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T-Mobile CTO Neville Ray speaks at the CCA Annual Convention in Seattle. Photo via CCA livestream.

Real-time augmented reality navigation. Instantaneous language translation. Embedded biometric tracking.

We’ll be able to use these technologies on-the-go if T-Mobile’s vision for a 5G network come to fruition.

T-Mobile CTO Neville Ray spoke on Tuesday at the CCA Annual Convention in Seattle, joining FCC Chairman Tom Wheeler and other executives from the wireless industry.

In true T-Mobile form, Ray spent part of his 25-minute talk bashing the competition and touting his company’s status as America’s fastest growing wireless carrier over the last three years. He discussed T-Mobile’s 12 “Uncarrier” moves, like ending long-term contracts and eliminating data buckets, to demonstrate how “we have been dismantling customer pain points in this industry.”

Ray, a 21-year T-Mobile veteran, also said the carrier now covers 312 million people for LTE coverage — up from zero in 2012 — and has 67.4 million customers, up from 33 million in 2012. T-Mobile has added more than 1 million net customers for 13 straight quarters, or more than three years.

He noted that T-Mobile, which released preliminary Q3 subscriber figures today, also has had the fastest wireless network for ten quarters in a row, though that statistic is debatable depending on how the numbers are crunched.

“I’m sure there are folks at AT&T or Verizon that spit blood every morning looking at that data,” Ray said, citing LTE speed test results from Ookla. “It’s been in their face, and we love it. Why? Because it’s driving competition; it’s driving investment.”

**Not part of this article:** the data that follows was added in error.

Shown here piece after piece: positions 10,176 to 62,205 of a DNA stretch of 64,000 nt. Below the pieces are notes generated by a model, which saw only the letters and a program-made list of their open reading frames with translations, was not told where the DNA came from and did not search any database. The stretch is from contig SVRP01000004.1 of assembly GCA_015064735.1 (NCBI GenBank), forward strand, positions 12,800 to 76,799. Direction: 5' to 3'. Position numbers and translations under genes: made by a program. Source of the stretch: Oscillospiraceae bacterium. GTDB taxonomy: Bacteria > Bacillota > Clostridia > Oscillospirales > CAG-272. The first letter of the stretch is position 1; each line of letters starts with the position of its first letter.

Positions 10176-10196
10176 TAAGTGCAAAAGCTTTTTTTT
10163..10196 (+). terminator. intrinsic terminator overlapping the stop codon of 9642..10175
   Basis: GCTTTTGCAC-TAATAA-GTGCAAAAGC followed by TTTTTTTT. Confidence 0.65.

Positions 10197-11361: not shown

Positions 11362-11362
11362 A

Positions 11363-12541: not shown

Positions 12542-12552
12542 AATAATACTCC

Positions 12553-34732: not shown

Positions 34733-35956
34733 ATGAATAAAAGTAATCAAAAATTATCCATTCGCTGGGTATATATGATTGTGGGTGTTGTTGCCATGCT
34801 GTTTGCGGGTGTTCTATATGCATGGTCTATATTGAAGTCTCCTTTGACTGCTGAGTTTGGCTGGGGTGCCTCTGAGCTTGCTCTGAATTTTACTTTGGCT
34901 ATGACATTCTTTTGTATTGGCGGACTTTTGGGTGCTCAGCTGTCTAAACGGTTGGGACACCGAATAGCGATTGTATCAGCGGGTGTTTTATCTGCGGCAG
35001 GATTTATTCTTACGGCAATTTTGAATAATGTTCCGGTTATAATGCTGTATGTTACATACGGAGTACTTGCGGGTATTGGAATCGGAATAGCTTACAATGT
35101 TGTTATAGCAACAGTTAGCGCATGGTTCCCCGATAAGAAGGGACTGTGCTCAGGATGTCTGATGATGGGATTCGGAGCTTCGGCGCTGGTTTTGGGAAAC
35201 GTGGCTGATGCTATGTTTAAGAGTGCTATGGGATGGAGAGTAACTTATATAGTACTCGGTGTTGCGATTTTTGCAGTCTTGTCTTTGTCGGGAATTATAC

Ray spent the last portion of his presentation talking about the future of T-Mobile — specifically, its vision for 5G, the next phase of telecommunications standards beyond 4G LTE.

We are still several years away from being able to access and use something like 5G, but there is already much discussion for how it will function and what possibilities could emerge from a faster, more robust mobile internet network.

Wheeler, the FCC chairman, spoke before Ray and talked about the importance of U.S. leadership for deployment of 5G networks.

T-Mobile on Tuesday released a short video that shows off potential use cases with a 5G network, like riding a bike that has an augmented reality map, or speaking to someone in another language and having your words translated in real-time.

Ray said that 5G could enable higher internet speeds, better data throughput rates, lower latency, more bandwidth, and more efficient battery capacities.

He also again criticized Verizon for its new LTE Advanced service, which it labels as the “next-gen” network.

“We have 4G today, and Verizon is now trying to tell us they have ‘next gen,’ which would be 5G,” Ray said. “They’re saying they have that today. I think that’s BS, and I think we all know that.

Added Ray: “The Verizon guys have got to stop this BS. It’s confusing for customers, calling what they’re doing now ‘next gen.’ … The stuff is old news.”

Ray, who also outlined these thoughts in a blog post, said that while T-Mobile has been quiet about its work with 5G, it is “extremely busy in trials.” He also said he’s most excited about 5G and consumer services, versus how others are more focused on how the technology enables a fixed broadband substitution or what it could do for the Internet of Things.

“The internet has completely moved into the mobility space, and with it goes content,” Ray explained, noting how everything is mobile and video nowadays. “That’s the truly exciting thing about what’s happening with 5G. As we look forward, we believe the 5G story is all about, and has to be all about, the consumer, and what consumer services will light up this industry and bring customers to all of our doors.”

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